On May 12, 2016 the Advocate General (AG) of the Court of Justice of the European Union (CJEU) rendered her opinion on the questions referred in the Masco Denmark and Damixa case (C-593/14). The case concerns Danish rules which allow for a tax exemption on interest income if the corresponding interest deduction is denied due to thin capitalization rules, but in effect only if the debtor company is resident in Denmark. The AG concluded that this difference in treatment did not constitute a restriction on the freedom of establishment. Furthermore, even if the difference in treatment was found to constitute a restriction, the AG held that the restriction could be justified based on the balanced allocation of taxing rights as well the coherence of the tax system.
Under Danish corporate tax rules, interest income is tax exempt at the level of a resident creditor company if the corresponding interest deduction at the level of a resident debtor company is disallowed due to domestic Danish thin capitalization regulations. The income is however not exempt when the related-party debtor is resident in another Member State and the interest deduction is disallowed under that relevant Member State’s rules on thin capitalization.
In the case at hand, the creditor Damixa ApS was resident in Denmark with a wholly-owned subsidiary in Germany, Damixa Armaturen GmbH. A loan was granted to the subsidiary and the interest income taxed at the level of Damixa ApS. For the years 2005 and 2006, the interest income was however reclassified to dividend payments in Germany and consequently non-deductible for German tax purposes, as the subsidiary was considered thinly capitalized.
Damixa argued that the interest income would have been exempt if the subsidiary was resident in Denmark instead of Germany and that the rules accordingly infringed the EU freedom of establishment principle. On December 19, 2015 the Danish court dealing with the case referred the question of whether this difference in treatment infringed the EU freedom of establishment to the CJEU.
The AG opinion
The AG concluded that there is no restriction on the freedom of establishment. The difference in treatment resulted from the exercise in parallel by two Member States of their fiscal sovereignty, and was therefore protected by the principle of autonomy.
The AG referred to the established principle and related case-law to the effect that the fundamental freedoms do not obligate a Member State when applying its tax rules to take into consideration the tax treatment in a different Member State. A discrimination that only arises due to the combined effect of two Member States’ tax laws, cannot be attributed to either Member State as a restriction on any of the fundamental freedoms.
In the present case, the AG considered that without the German thin capitalization rules there would have been no difference in treatment between a purely national situation and a cross-border situation. If Denmark would be required to exempt interest income based on whether the other Member State limited the debtor’s deductible interest, this would be in breach of the principle of autonomy.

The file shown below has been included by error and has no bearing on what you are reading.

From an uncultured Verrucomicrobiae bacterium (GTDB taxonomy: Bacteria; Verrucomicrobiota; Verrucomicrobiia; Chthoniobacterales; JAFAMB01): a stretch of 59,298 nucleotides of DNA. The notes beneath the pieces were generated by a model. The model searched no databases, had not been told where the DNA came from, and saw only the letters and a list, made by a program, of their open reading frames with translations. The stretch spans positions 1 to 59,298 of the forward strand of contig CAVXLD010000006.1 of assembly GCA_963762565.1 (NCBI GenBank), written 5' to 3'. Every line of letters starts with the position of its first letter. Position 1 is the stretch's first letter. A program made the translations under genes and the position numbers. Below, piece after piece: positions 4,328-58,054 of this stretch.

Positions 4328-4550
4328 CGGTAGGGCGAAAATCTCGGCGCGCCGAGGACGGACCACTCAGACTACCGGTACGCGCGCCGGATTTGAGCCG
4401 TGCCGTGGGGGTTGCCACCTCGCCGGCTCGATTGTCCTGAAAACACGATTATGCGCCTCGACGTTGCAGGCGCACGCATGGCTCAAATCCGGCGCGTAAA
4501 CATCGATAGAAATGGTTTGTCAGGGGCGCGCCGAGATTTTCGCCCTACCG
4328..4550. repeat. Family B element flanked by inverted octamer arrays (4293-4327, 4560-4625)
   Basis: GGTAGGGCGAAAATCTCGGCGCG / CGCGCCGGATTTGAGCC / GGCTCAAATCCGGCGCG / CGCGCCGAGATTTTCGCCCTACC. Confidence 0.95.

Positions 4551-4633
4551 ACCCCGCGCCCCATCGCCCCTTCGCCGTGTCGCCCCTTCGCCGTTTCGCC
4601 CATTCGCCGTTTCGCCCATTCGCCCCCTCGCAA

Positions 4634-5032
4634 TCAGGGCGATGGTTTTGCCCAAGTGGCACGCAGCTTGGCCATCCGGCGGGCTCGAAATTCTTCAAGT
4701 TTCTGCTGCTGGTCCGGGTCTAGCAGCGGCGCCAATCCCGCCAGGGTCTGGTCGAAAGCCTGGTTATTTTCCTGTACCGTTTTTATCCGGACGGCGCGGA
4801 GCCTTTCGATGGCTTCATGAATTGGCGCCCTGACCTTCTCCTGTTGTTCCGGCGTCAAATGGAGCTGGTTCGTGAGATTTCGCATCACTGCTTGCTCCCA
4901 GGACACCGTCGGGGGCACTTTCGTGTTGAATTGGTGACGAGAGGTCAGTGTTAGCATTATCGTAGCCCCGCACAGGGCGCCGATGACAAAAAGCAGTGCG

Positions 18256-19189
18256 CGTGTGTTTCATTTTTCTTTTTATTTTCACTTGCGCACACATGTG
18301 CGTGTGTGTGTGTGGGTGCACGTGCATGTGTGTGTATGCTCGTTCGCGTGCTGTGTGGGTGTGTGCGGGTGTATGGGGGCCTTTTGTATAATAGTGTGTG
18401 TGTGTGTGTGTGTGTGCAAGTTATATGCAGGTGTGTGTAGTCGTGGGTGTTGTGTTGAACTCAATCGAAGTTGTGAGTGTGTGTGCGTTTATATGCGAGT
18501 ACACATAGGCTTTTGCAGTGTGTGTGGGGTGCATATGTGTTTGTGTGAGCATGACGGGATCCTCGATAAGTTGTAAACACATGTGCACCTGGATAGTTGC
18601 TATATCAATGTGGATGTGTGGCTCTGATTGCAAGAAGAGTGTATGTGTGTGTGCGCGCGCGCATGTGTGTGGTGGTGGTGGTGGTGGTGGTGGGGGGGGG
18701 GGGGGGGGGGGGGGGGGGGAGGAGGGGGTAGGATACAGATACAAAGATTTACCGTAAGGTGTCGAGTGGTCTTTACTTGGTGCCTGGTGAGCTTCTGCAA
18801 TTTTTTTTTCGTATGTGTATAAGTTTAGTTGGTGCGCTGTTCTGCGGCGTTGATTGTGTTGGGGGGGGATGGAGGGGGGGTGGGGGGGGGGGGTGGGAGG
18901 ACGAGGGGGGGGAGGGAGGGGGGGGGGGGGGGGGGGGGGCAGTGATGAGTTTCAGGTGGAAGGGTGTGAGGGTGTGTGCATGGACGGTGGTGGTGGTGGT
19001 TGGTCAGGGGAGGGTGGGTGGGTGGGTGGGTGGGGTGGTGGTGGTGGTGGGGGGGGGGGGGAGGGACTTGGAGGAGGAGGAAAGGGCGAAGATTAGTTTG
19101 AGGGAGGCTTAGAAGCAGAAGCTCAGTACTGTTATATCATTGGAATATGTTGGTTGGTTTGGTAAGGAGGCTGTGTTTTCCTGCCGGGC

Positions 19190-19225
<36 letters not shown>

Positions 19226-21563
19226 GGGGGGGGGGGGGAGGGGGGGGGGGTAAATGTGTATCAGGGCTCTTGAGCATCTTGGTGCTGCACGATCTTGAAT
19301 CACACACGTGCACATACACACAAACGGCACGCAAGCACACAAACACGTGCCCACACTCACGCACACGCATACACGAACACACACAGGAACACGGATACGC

But even if the difference in treatment was found to constitute a restriction, the AG concluded that the measure would not infringe EU law as it could be justified. Firstly, it could be justified on the basis of the balanced allocation of the taxing rights between Member States, and secondly under the principle of coherence of the tax system on the basis that there is a direct link between the advantage of the exemption and the disadvantage of the limitation of interest deductibility.
Practical relevance for The Netherlands
It remains to be seen if the CJEU will agree with how the AG applies the principle of autonomy and the potential justifications, in particular the CJEU decision may shed light on how the principle of autonomy relates to previous case-law of the CJEU. But even if the Court of Justice would not follow the AG, the practical consequences for the Netherlands seem rather limited.
As we see it, there would potentially be only one Dutch measure which would then be vulnerable. By virtue of a letter of 14 June 2007, the State Secretary of Finance granted that interest payments received on certain types of loans which already existed before 1 January 2007 qualify for the participation exemption for corporate income tax purposes. This concerns the limitation of deduction of interest paid on a loan with no fixed maturity or a maturity of more than 10 years if such loans were obtained from a related company at an interest rate which is substantially lower than that which would have been agreed between unrelated parties. The participation exemption is granted only as far as such interest is paid by a group company resident in the Netherlands. Consequently, similar interest paid by a foreign group company would not be exempted. Further to the Opinion, this disadvantage would, however, not infringe EU law.
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